A study by the Royal United Services Institute (RUSI) think-tank and cyber specialists at BAE Systems warned that ransomware use is “spiraling out of control”, with Britain suffering the second-highest number of “double extortion” attacks after the US.

The research produced by RUSI  highlights how ransomware attacks continue to have a significant impact on businesses and organizations across the globe, resulting in high levels of cost and disruption.

Ransomware attacks involve cybercriminals encrypting data systems and demanding a fee to unfreeze them. These types of attacks have surged during the Covid-19 pandemic, as virtual work environments have expanded threat surfaces, amplifying attack vectors while highlighting the vulnerabilities of cyber defenses of corporate networks.

Travelex, the London-based currency exchange business that does business in 26 countries (including the U.S.), was a high-profile victim of this type of attack in December 2019, when hackers demanded a ransom to prevent the publication of sensitive customer data, including credit card details. Travelex paid a ransomware gang $2.3 million to regain access to its data following this attack on New Year's Eve, the Wall Street Journal reports. The incident crippled the company's customer services for weeks. The subsequent disruption, combined with the effect of coronavirus, cost Travelex around £25m (nearly 35m USD) in terms of profits.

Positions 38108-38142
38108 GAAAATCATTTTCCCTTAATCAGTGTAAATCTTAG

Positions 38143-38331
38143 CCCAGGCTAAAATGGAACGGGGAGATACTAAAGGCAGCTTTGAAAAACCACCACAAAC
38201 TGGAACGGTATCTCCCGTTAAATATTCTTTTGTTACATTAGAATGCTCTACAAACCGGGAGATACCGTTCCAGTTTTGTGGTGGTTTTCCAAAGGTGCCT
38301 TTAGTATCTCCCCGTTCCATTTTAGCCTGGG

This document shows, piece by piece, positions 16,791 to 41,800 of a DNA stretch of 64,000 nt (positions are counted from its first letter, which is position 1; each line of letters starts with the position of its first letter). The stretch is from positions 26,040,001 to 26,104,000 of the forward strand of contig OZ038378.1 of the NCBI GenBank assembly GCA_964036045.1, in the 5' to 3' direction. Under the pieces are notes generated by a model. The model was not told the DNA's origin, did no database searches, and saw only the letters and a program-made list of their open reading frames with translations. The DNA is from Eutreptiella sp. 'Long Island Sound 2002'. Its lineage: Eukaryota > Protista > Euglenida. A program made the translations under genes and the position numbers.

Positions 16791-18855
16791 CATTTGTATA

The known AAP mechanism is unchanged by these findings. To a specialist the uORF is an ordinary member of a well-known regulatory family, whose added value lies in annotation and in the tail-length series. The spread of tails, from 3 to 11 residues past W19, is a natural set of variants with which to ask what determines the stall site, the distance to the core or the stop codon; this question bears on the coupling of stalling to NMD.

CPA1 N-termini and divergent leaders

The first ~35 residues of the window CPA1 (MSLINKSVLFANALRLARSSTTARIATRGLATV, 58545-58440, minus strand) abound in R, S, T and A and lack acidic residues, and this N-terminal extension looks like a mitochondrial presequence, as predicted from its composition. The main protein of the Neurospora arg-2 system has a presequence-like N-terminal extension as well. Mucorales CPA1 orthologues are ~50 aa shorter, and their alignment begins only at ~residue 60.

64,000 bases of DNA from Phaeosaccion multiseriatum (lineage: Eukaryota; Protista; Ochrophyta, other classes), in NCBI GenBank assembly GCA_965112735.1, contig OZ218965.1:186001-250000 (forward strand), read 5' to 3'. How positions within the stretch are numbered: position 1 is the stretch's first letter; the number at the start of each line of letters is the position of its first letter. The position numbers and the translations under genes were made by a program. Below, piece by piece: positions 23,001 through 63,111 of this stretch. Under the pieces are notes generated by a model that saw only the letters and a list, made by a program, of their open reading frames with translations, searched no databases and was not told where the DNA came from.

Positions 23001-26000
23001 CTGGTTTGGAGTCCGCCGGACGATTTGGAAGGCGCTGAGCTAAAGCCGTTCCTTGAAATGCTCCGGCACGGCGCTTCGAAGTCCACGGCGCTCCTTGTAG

Lindy Cameron, chief executive of Britain’s National Cyber Security Centre, a branch of GCHQ, warned in her first public speech last week that ransomware was a “serious and growing threat” in scale and severity. The risk is not just the theft of money or data from individual businesses, but also the loss of “key services”, Cameron said.